Nova Scotia Premier Stephen McNeil says he’s open to considering new revenue sources for a CFL stadium in Halifax, including new taxes.
“I think, first of all, it’s exciting the fact that a major sports league is looking at Halifax and looking at Nova Scotia as the right place on the east coast,” McNeil said Thursday. “I’ve also said that we would not be looking at taking money out of general revenue to support a stadium.”
A staff report presented to Halifax Regional Council on Tuesday suggested that a new tax on car rentals or an increase to the hotel marketing tax could be considered to fund a stadium development. McNeil says that’s what has been done in other parts of the world.
“But we have made no commitment, because the project hasn’t come to us yet,” he said.
“What we’ll look at as we look at all things that come to government — where does it fit into the economic future of our province, what role do we play in it, does our commitment and role in that balance out?”
But NDP leader Gary Burrill says it isn’t the right time for the province to get involved.
“At a time in Nova Scotia where we, the citizens, need to be paying for a $2-billion redevelopment of our major hospital, in our party, we’re not interested in the citizens of Nova Scotia having any public money spent on a project of this sort,” Burrill said.
It’s been nearly a year since news broke that a group of proponents had brought a credible proposal to Halifax council for a CFL expansion into the city. The major hurdle remains the lack of a suitable place to play.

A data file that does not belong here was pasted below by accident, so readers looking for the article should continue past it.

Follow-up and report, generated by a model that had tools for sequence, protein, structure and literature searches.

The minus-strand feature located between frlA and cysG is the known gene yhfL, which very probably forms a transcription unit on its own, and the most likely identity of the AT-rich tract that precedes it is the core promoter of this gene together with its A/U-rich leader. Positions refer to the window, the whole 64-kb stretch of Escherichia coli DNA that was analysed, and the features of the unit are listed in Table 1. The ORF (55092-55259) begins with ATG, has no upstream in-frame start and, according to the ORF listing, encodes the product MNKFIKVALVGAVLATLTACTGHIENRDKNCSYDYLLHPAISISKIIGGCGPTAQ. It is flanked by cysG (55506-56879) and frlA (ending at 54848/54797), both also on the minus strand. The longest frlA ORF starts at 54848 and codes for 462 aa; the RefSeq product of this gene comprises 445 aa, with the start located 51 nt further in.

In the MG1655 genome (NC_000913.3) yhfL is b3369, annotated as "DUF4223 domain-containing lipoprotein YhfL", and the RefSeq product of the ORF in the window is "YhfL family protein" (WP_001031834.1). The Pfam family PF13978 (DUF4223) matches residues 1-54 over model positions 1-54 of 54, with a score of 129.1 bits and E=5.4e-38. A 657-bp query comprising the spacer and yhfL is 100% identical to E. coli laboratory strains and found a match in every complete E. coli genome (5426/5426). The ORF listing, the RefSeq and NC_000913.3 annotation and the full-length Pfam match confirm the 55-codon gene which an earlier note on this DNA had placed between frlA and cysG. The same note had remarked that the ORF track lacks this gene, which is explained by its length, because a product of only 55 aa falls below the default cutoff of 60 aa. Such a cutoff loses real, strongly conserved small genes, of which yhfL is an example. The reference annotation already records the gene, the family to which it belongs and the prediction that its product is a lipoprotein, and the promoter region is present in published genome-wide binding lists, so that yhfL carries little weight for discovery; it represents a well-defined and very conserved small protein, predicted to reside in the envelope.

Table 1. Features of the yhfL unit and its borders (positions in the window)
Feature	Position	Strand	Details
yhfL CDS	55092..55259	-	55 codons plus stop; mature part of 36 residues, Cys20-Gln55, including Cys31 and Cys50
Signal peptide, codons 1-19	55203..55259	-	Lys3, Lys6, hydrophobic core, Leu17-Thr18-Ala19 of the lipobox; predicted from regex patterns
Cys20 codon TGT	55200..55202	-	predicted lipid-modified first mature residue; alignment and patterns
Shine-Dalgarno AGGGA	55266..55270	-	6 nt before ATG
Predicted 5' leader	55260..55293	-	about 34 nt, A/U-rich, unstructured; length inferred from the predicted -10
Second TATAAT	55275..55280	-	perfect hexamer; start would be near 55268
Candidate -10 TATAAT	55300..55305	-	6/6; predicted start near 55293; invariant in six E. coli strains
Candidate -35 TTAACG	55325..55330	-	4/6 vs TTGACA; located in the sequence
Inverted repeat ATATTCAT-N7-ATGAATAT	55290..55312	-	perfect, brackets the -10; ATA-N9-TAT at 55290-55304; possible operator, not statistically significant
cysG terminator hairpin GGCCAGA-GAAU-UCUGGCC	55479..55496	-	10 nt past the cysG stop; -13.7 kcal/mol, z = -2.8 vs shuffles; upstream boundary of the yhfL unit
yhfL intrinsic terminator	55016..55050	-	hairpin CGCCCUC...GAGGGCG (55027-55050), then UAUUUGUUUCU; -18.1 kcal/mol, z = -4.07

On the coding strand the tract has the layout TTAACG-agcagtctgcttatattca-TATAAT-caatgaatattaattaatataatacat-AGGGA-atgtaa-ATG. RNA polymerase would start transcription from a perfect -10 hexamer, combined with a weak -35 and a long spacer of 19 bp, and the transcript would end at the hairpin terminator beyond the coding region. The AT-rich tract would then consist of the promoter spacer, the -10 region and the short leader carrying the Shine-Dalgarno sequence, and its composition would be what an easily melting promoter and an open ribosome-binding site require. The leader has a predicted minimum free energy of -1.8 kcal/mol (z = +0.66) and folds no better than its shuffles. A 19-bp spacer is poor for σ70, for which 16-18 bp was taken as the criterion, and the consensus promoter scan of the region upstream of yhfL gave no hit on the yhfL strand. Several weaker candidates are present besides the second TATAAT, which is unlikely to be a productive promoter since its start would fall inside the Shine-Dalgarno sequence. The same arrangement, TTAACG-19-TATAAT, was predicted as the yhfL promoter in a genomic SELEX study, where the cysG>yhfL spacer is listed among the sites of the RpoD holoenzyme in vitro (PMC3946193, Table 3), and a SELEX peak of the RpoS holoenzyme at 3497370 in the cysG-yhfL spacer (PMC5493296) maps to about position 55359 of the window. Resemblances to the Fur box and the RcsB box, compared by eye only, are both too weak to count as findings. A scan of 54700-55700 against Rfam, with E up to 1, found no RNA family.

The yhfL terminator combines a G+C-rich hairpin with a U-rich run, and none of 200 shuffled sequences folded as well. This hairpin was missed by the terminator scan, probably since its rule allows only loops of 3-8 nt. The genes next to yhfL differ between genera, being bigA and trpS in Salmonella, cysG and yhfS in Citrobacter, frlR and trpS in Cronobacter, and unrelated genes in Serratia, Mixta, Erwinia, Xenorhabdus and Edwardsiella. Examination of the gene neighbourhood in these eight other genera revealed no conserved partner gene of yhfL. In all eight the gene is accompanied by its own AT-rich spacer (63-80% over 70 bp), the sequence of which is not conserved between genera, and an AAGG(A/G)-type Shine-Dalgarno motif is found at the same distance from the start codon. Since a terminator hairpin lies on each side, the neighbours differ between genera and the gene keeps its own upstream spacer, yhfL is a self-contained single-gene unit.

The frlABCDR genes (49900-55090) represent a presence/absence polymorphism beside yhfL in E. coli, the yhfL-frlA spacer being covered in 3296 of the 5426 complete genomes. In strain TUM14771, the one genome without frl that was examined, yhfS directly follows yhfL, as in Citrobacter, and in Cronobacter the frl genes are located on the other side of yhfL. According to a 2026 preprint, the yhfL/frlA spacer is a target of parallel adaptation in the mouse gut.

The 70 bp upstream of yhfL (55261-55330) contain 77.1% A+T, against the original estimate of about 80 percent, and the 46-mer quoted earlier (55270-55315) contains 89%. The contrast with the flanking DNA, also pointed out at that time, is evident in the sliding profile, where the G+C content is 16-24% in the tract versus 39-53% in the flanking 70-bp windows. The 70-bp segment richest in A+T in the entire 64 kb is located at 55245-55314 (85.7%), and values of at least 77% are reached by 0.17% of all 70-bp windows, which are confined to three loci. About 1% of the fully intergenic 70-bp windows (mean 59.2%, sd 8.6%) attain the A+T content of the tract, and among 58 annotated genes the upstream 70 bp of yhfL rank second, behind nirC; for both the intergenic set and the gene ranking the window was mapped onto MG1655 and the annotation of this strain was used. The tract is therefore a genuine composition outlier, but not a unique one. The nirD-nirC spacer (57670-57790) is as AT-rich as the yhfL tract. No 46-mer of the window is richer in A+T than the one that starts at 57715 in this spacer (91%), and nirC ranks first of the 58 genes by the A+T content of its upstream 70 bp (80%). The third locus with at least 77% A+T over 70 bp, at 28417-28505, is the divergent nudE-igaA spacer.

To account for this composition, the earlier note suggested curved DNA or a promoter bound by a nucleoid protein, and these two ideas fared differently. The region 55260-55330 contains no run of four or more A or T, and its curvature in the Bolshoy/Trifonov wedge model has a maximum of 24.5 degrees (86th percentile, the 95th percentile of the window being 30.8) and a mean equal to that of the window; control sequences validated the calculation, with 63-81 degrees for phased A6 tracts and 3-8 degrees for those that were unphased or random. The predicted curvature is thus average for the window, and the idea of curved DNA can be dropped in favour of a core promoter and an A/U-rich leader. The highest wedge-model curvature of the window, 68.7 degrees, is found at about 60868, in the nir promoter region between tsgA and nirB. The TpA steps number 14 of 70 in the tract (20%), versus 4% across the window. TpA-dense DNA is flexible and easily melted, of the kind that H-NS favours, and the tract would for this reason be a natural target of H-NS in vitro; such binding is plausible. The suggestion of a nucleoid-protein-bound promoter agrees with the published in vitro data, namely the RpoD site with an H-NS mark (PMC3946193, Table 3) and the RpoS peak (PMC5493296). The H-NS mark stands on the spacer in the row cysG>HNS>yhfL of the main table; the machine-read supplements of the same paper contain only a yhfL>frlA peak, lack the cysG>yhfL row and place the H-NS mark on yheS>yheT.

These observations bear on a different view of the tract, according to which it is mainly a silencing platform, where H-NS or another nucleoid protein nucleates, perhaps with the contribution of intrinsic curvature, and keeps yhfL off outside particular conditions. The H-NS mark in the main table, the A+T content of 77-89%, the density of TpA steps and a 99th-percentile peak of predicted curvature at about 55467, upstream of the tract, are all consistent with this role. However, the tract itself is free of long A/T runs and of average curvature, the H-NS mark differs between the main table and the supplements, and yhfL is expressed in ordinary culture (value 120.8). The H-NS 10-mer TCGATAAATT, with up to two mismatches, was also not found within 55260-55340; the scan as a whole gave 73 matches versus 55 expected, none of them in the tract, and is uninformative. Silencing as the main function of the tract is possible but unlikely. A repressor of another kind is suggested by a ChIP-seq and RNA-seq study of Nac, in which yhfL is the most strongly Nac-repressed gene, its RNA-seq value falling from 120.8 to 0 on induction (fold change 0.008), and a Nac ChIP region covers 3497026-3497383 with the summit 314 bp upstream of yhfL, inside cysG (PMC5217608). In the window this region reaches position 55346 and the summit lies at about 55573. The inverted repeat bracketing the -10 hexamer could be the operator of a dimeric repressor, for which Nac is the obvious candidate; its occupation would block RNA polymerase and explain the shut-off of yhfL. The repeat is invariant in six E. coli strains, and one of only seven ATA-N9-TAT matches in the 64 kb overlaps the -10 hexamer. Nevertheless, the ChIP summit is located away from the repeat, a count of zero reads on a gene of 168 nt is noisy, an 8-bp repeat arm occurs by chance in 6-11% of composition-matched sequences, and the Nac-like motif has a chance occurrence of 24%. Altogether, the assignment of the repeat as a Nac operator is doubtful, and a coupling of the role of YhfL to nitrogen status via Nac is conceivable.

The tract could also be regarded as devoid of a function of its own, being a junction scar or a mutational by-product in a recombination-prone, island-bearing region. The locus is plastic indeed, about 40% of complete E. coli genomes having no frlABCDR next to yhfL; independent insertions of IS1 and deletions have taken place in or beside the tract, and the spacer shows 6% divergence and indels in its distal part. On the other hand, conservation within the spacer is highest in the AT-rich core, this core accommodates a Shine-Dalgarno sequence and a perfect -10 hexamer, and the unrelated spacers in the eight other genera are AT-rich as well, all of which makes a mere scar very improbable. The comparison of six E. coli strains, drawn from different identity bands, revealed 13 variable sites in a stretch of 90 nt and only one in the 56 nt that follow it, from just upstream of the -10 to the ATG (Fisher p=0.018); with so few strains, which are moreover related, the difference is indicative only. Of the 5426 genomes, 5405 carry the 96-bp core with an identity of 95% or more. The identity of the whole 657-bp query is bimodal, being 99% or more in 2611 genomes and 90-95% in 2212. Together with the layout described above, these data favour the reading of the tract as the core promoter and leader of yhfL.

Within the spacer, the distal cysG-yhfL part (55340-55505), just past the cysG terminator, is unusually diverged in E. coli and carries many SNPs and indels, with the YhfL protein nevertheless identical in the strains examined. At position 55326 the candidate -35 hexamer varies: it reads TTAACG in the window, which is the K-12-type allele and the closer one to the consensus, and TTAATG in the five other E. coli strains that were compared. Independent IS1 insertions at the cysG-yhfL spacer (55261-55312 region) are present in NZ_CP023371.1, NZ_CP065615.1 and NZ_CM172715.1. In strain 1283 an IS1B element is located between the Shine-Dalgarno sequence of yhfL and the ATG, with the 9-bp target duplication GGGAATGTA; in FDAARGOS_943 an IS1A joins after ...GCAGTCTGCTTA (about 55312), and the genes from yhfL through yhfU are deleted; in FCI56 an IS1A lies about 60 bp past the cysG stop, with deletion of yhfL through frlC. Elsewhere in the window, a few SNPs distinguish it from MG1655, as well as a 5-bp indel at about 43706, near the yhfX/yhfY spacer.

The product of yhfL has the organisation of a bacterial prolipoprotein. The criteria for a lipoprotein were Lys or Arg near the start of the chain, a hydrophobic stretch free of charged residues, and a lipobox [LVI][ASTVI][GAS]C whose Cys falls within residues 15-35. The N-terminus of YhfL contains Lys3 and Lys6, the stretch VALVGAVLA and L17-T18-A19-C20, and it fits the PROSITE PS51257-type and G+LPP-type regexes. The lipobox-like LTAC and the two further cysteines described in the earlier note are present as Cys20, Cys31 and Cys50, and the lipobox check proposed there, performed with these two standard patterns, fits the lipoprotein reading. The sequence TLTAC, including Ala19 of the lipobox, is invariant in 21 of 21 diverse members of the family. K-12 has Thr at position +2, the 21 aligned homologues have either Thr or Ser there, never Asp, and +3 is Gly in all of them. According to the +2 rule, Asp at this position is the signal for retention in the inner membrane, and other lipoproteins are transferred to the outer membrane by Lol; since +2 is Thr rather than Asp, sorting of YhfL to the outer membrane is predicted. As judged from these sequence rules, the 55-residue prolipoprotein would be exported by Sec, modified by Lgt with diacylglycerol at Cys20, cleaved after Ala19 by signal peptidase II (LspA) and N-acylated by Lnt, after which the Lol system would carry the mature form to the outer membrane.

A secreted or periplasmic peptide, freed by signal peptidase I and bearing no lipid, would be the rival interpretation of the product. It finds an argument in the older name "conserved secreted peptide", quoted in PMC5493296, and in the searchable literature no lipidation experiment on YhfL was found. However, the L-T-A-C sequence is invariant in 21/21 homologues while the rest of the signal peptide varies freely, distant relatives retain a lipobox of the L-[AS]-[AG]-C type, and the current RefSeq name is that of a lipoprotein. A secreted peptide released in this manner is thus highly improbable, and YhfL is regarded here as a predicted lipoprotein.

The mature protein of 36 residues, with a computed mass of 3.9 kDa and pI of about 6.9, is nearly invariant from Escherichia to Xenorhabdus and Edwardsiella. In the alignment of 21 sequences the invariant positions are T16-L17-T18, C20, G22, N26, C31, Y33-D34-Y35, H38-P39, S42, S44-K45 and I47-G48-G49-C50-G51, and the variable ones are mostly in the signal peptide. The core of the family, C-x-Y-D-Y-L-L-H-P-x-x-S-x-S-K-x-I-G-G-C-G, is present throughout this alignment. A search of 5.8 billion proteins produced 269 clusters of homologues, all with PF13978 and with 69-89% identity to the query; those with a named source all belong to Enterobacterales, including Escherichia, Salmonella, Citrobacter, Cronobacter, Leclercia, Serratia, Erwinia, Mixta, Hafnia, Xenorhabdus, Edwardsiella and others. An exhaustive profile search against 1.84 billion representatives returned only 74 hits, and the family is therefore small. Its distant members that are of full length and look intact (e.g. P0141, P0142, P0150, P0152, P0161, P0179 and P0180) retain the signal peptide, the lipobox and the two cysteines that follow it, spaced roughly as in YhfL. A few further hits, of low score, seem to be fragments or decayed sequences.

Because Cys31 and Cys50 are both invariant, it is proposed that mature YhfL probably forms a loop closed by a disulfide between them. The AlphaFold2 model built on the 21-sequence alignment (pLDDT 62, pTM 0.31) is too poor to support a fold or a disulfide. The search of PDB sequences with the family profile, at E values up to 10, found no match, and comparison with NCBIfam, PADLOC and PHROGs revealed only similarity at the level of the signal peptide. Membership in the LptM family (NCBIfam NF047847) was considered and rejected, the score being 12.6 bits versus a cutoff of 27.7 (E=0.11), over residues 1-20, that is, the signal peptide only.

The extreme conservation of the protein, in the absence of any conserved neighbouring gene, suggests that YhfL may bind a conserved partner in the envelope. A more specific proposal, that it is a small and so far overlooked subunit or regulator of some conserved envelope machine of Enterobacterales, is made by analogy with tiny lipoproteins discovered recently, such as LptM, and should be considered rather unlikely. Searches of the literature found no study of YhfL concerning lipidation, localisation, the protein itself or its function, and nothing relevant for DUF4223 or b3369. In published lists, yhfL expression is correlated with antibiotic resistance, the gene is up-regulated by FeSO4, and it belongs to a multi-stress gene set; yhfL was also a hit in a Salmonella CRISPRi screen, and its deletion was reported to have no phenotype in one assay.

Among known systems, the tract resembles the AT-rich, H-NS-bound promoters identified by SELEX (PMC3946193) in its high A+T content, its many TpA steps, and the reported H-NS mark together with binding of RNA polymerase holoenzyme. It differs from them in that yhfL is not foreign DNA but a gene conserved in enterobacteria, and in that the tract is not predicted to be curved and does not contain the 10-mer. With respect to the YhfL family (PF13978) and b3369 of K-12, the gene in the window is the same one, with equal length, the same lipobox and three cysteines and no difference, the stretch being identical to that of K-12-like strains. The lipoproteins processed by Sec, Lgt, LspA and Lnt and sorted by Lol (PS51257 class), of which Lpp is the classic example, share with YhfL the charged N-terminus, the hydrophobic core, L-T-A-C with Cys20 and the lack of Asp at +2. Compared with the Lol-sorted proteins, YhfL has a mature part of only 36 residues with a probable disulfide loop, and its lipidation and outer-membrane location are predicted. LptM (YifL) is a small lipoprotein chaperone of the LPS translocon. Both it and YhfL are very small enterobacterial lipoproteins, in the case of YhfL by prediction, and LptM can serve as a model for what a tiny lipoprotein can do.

This week, council has directed staff to review the business case for a 24,000-seat stadium in Shannon Park, which is currently empty land on the Dartmouth side of the harbour. The estimated cost is between $170 and $190 million, and Maritime Football Ltd. — the company behind the expansion proposal — is asking both levels of government to chip in.
The province is not interested in tapping into its capital budget to build a stadium, McNeil said, although he didn’t rule out possible capital expenditures on infrastructure for the development in Shannon Park.
Neither level of government has committed a dollar figure to the project or a method of funding. The premier says if the municipality decides not to participate, the province won’t step in.
“I think if it’s going to happen this is probably the group that could make it happen,” McNeil said of Maritime Football Ltd.
READ MORE: CFL in talks regarding expansion to Halifax
Maritime Football Ltd. is headed up by Anthony LeBlanc and Gary Drummond, both former executives of the Phoenix Coyotes, as well as local business owner Bruce Bowser. They have said the stadium development needs to include housing, retail and restaurants, citing Ottawa’s Lansdowne Stadium as an example of what the group is aiming to create.
LeBlanc says he wants to start a season ticket drive and possibly a name-the-team contest this month. He tells Global News Maritime Football is aiming to begin construction of a stadium development by next summer.